37301. Phonology I (=Ling 20800/30800). PQ: Ling 201, 202, 203, 206, or equiv­alent. This is an introduction to general principles of phonology, with emphasis on nongenerative theory. Jason Riggle. TuTh 1:30-2:50.

37802. Syntax-2 (=Ling 20500/30500). PQ. Part 1. Karlos Arregui Urbina. TuTh 10:30-11:50.

47300. Historical Linguistics (=LING 21300/31300). Yaroslav Gorbachov. TuTh 12:00-1:20.

47400. The Development of Creole Vernaculars and Culture (=LING 45400). The central hypothesis to be verified in this course is that competition and selection (which account for the evolution of some languages -- by some sort of hybridization -- into creole vernaculars) can also be observed in other, non-linguistic cultural domains, such as cuisine, dance, music, religion, and folk medicine. We hope to articulate ways in which findings in one domain can enrich research in another. The course is based primarily on my book The Ecology of Language Evolution (2001, Cambridge University Press) and on Robert Chaudensons Creolization of Language and Culture (2001, Routledge). These books are complemented by recent literature in anthropology and cultural studies that is relevant to specific issues discussed in the course. Salikoko Mufwene. MW 3:00-4:20.

50515. Alternative Social Theory: Tarde, Levi-Strauss, Deleuze. (PQ-Systems-1, Consent of Instructor) M. Carneiro da Cunha. Thurs 10:30-1:20.

50700. Seminar: Biopower. The politics of life in modernity has come to occupy center stage in the human sciences. Studies of modern techniques of governmentality, the naturalizations of transnational neoliberalism, the medicalization of social and historical experience, and the growing hegemony of an interventionist bioscience offer some of the most interesting and challenging models for a contemporary and cosmopolitan anthropology. This seminar will read a number of recent studies in anthropology, science studies, and critical social theory in an effort to better grasp the centrality of the life sciences and biotechnology in modern and contemporary arrangements of power.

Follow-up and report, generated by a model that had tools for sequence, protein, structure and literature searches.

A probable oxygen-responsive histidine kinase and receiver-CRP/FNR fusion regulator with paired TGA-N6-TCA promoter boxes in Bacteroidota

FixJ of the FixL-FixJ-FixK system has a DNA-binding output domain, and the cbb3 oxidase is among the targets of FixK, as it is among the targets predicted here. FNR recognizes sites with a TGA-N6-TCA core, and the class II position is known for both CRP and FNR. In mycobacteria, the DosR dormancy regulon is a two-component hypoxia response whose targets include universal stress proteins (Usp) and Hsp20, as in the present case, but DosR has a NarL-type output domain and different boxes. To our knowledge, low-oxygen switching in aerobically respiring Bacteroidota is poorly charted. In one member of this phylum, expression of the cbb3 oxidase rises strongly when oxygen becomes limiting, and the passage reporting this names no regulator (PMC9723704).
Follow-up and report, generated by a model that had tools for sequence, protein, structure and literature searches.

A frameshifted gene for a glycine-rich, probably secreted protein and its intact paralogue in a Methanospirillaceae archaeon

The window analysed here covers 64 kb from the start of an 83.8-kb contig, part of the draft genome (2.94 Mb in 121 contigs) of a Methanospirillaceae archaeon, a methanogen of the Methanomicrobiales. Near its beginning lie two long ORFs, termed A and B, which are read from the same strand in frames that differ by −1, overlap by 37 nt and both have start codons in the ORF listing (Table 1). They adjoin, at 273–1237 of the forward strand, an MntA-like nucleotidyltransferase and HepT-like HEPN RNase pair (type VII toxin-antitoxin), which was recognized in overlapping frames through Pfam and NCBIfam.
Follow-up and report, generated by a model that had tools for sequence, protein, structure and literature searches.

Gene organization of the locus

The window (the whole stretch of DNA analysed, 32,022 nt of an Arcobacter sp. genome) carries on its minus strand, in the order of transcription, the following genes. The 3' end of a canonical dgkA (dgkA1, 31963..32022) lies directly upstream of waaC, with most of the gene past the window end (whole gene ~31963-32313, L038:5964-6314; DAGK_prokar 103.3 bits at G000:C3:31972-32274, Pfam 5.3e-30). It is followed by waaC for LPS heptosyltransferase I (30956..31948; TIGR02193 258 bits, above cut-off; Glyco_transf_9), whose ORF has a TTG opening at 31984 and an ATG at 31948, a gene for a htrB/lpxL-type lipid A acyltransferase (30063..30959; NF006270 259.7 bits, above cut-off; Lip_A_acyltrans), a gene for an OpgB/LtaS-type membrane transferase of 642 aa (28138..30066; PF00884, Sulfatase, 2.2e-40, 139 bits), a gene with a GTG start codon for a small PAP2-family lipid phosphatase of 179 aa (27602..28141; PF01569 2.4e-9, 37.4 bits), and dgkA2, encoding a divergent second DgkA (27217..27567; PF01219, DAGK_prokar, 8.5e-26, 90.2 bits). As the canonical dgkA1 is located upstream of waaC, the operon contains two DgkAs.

We will presume that most students will have already read the germinal writings of Georges Canguilhem (The Normal and the Pathological), Michel Foucault (The Birth of the Clinic, Madness and Civilization, Discipline and Punish, Governmentality), and Giorgio Agamben (Homo Sacer). These works will not be assigned. (Students who have not read this work are also welcome to enroll, of course.) The materials assigned for the course will first address broad social-theoretical concerns with life and modernist forms of power, then turn to some powerfully analyzed ethnographies of medicine and other institutions that govern life. The third part of the course will turn to science studies and some methodologically innovative approaches to the ethnography of power/knowledge in the  contemporary moment. J. Farquhar. Tues 1:30-4:20.

52710. Publics, Privates, Secrets. George Simmel once wrote that secrecy was "one of the greatest achievements of humanity" because it added complexity to social life, making every social encounter a complex negotiation over concealment or revelation.  This course explores the critical theory of secrecy, and its others -- the public and the private.  We will assess how the deployment or withholding of knowledge is constitutive of experiences of self, social life, and state power. J. Masco. Wed 9:30-12:20.

51304. Intellectual History of Psychological Anthropology. R. Fogelson. ARR

52815. Anthropology of Sociality. In this course we examine approaches to the ways subjects are realized in relation to others. We explore these approaches through four fields of thought: historical materialism; existentialism; ethics; and anti-essentialist criticism. These themes are designed to think through mediums of relationality that range from intersubjective experience to material and legal differentiations. The course presents different ethnographic strategies for describing hierarchical sociality in conversation with these four modes of thought. K. Fikes. Tues 12:00-2:50